Simulation Workshop – Participants complete the simulation, addressing the leadership tasks of gaining commitment and meeting adaptive challenges.

Action Learning Workshop – This workshop revisits The Human Element material from Phase One and adds Human Element team material, Compatibility and Group Stages, in order to focus on understanding the team dynamics and to practice team leadership skills. Using The Human Element Concordance Decision Making method, the group then divides into project teams and chooses Action Learning projects. These new teams meet their project sponsors, receive information on their projects and begin their work.

Action Learning Projects (three and one-half months) – Each team completes an actual MSKCC project (e.g., problem to solve, issue to examine or analyze, plan to implement, process to improve) and presents the results to senior management. A senior manager sponsors each project and provides necessary information and resources. Participants attend monthly sessions while the Action Learning Projects progress, in order to reflect on the learning and gain additional knowledge and resources which support their projects. In addition, a member of the Training and Development Department provides process consultation using Human Element principles, helping team members to understand how the team’s functioning affects its productivity.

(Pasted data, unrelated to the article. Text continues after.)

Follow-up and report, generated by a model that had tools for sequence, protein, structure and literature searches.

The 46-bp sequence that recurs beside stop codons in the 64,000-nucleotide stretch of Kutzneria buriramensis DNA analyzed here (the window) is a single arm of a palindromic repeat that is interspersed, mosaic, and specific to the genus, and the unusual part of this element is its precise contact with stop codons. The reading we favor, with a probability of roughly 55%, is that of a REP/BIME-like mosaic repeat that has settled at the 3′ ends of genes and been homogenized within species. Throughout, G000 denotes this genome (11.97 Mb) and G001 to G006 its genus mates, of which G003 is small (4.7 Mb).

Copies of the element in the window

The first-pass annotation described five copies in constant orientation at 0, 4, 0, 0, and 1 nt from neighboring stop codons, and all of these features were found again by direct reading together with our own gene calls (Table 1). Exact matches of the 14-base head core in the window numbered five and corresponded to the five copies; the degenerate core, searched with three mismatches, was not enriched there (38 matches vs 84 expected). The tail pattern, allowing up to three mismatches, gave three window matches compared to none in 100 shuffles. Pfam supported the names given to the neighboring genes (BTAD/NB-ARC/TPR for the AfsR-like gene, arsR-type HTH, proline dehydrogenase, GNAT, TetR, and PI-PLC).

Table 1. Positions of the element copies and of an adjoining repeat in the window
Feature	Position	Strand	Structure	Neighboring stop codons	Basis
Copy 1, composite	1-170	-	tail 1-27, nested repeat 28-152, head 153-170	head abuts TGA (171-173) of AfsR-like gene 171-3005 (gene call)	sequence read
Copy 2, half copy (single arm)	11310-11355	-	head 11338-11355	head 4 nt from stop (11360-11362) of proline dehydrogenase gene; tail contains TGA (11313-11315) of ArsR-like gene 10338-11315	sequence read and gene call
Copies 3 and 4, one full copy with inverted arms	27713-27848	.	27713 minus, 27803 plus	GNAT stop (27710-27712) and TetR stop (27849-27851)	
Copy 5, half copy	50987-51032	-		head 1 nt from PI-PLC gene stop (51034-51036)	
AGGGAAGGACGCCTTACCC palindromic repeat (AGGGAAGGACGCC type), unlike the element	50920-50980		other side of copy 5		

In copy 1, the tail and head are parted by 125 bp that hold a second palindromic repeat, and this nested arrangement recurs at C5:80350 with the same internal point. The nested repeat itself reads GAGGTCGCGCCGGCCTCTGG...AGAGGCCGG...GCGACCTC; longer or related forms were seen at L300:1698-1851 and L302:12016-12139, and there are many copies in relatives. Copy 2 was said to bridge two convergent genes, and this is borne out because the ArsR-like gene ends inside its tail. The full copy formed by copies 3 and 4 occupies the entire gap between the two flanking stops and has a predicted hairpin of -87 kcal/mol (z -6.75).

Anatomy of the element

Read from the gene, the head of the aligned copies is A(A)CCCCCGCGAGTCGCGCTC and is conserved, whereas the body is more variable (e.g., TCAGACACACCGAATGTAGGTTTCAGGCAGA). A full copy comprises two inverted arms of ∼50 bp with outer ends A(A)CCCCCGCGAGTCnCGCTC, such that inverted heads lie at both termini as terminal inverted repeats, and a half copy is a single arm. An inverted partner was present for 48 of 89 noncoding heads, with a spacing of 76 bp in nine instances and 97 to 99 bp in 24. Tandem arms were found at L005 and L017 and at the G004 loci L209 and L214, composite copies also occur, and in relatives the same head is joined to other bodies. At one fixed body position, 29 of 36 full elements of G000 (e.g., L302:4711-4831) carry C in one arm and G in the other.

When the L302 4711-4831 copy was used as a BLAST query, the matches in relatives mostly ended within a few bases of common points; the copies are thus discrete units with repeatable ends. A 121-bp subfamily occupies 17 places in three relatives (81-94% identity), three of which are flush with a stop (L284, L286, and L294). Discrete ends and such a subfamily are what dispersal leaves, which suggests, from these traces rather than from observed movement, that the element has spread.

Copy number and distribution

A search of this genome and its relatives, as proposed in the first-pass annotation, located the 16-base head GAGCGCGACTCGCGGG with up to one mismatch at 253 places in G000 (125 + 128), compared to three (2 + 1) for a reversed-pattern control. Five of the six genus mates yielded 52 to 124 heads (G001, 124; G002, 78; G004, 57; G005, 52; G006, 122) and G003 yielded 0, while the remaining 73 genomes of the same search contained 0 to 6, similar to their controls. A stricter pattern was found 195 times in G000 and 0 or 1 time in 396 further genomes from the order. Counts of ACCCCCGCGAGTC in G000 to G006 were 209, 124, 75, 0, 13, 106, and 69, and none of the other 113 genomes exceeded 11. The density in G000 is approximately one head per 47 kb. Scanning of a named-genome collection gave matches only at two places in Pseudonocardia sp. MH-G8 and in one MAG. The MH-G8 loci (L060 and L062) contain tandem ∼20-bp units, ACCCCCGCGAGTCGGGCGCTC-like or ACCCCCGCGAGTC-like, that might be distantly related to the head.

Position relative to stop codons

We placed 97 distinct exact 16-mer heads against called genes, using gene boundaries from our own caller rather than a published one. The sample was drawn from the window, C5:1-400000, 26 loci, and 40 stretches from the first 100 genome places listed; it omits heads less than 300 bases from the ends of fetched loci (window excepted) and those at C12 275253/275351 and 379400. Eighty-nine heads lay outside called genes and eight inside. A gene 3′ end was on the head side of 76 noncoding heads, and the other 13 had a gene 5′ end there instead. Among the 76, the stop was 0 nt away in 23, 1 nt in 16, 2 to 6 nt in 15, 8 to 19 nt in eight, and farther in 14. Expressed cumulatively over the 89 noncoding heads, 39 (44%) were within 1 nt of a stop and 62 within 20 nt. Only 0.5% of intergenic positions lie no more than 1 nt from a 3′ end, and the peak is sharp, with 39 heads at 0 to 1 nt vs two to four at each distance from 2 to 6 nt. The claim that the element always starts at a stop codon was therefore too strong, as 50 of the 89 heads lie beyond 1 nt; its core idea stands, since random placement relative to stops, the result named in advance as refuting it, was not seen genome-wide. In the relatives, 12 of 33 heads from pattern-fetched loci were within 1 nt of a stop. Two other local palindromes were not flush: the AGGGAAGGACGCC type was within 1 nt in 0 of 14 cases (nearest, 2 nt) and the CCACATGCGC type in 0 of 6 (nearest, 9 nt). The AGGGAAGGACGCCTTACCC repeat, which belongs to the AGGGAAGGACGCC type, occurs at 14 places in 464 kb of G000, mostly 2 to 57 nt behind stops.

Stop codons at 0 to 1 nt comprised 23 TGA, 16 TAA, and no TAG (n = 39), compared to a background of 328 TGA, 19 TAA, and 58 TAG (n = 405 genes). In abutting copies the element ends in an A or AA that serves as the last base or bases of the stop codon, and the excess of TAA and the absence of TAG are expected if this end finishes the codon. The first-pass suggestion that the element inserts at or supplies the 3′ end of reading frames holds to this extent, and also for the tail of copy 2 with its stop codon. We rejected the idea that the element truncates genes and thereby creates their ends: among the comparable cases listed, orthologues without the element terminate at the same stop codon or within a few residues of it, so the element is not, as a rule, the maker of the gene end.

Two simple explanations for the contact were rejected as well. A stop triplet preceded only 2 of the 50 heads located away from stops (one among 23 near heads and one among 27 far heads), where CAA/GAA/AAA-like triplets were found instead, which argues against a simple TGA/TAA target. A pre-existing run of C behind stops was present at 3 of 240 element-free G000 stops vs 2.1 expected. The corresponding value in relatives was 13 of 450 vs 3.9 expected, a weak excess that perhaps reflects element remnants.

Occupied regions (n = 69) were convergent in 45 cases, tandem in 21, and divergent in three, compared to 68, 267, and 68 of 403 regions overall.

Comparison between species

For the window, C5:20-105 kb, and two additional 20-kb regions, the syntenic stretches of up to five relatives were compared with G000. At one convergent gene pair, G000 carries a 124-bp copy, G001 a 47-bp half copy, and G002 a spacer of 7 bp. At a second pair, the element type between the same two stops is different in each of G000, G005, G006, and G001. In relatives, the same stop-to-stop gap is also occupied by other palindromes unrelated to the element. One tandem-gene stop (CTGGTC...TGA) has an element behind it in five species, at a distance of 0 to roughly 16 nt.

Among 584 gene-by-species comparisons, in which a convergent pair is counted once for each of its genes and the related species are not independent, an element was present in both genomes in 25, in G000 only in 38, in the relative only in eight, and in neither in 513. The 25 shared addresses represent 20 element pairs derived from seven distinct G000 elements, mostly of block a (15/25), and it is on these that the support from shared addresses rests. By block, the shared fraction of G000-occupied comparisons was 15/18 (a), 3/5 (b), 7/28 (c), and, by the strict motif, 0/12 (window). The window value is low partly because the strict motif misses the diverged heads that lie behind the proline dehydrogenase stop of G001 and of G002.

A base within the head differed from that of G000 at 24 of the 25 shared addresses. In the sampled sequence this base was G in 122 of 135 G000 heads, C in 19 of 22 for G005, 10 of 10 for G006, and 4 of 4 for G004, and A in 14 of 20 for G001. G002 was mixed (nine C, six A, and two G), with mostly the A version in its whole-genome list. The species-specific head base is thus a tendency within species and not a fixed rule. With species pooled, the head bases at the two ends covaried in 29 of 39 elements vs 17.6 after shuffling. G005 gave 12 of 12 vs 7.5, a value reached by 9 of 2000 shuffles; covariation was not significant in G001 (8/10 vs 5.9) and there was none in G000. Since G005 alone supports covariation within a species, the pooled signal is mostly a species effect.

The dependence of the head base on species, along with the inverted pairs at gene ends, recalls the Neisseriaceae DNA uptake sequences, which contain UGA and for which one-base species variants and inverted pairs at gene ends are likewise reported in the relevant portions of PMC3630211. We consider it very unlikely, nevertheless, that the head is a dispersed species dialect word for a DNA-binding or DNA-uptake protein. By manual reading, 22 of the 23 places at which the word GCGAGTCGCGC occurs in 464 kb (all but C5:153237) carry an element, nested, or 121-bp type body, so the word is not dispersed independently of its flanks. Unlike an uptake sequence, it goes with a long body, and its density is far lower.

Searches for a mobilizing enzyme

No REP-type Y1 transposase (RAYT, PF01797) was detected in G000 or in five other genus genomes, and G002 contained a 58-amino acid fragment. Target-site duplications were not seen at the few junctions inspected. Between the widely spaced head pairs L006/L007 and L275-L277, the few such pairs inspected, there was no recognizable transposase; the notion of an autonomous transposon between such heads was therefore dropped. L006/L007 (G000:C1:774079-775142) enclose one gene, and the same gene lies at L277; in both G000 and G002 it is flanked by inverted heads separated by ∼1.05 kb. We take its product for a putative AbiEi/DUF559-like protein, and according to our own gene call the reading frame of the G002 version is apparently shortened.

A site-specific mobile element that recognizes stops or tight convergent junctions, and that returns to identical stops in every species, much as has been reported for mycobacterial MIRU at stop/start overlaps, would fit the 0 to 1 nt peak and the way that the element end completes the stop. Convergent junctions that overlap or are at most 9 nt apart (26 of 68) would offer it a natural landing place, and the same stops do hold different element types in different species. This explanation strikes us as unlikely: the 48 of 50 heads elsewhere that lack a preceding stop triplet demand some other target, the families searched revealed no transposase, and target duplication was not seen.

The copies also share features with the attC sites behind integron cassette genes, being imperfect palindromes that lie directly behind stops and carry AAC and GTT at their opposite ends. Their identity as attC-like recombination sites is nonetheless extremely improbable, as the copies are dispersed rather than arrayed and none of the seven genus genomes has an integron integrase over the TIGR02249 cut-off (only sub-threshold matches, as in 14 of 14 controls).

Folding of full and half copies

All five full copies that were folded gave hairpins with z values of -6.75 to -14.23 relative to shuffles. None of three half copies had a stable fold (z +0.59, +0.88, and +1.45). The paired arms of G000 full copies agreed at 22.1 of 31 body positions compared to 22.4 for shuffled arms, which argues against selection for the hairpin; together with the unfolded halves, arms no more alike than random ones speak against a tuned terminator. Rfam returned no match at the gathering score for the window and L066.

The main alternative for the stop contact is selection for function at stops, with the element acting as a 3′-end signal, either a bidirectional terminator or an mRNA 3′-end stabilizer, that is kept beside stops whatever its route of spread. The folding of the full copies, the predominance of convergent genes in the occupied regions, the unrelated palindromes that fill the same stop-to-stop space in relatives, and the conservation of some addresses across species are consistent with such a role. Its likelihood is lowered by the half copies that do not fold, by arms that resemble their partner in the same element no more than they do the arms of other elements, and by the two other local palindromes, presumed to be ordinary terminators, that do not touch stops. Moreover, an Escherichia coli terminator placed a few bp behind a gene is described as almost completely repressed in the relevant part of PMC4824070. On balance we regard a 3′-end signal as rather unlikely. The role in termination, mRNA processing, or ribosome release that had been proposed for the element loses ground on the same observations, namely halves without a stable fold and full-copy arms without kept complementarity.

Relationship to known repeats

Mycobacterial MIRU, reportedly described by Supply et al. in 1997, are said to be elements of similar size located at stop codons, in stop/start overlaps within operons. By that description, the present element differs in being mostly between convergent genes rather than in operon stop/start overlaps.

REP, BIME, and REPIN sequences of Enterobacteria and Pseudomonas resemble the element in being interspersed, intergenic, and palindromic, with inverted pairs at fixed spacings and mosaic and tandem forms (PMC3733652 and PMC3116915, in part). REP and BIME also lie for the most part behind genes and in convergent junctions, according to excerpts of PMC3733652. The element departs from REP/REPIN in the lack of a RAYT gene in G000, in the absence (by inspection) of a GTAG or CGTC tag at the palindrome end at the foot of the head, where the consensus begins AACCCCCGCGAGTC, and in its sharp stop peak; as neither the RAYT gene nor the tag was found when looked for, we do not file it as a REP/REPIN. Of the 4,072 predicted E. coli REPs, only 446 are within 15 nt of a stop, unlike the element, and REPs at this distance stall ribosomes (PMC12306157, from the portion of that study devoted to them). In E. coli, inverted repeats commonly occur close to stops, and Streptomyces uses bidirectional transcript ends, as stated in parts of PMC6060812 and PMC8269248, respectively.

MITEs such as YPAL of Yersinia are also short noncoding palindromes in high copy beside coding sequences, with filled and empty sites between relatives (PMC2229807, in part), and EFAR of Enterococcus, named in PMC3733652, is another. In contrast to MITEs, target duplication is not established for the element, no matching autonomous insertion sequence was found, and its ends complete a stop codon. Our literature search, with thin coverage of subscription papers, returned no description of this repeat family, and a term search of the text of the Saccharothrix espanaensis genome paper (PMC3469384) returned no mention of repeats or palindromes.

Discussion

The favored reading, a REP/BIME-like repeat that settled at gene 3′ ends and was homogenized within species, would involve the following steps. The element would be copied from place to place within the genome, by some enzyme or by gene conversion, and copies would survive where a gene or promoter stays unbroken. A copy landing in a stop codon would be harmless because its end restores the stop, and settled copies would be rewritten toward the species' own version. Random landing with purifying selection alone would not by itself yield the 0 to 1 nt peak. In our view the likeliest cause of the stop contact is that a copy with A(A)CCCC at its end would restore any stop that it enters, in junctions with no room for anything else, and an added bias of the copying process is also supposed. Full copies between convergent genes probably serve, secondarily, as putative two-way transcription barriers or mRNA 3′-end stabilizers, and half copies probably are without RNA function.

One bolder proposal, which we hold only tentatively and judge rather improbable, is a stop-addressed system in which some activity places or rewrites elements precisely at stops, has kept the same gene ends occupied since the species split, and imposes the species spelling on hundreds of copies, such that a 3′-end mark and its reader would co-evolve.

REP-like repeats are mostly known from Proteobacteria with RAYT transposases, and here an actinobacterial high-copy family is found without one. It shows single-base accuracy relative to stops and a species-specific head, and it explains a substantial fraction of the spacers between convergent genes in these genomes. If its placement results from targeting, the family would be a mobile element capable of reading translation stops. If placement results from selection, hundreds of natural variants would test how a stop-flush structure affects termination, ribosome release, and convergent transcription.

Phase Three: Organization

Environmental Scan – Participants examine external trends affecting the organization, identifying the challenges facing MSKCC in the future.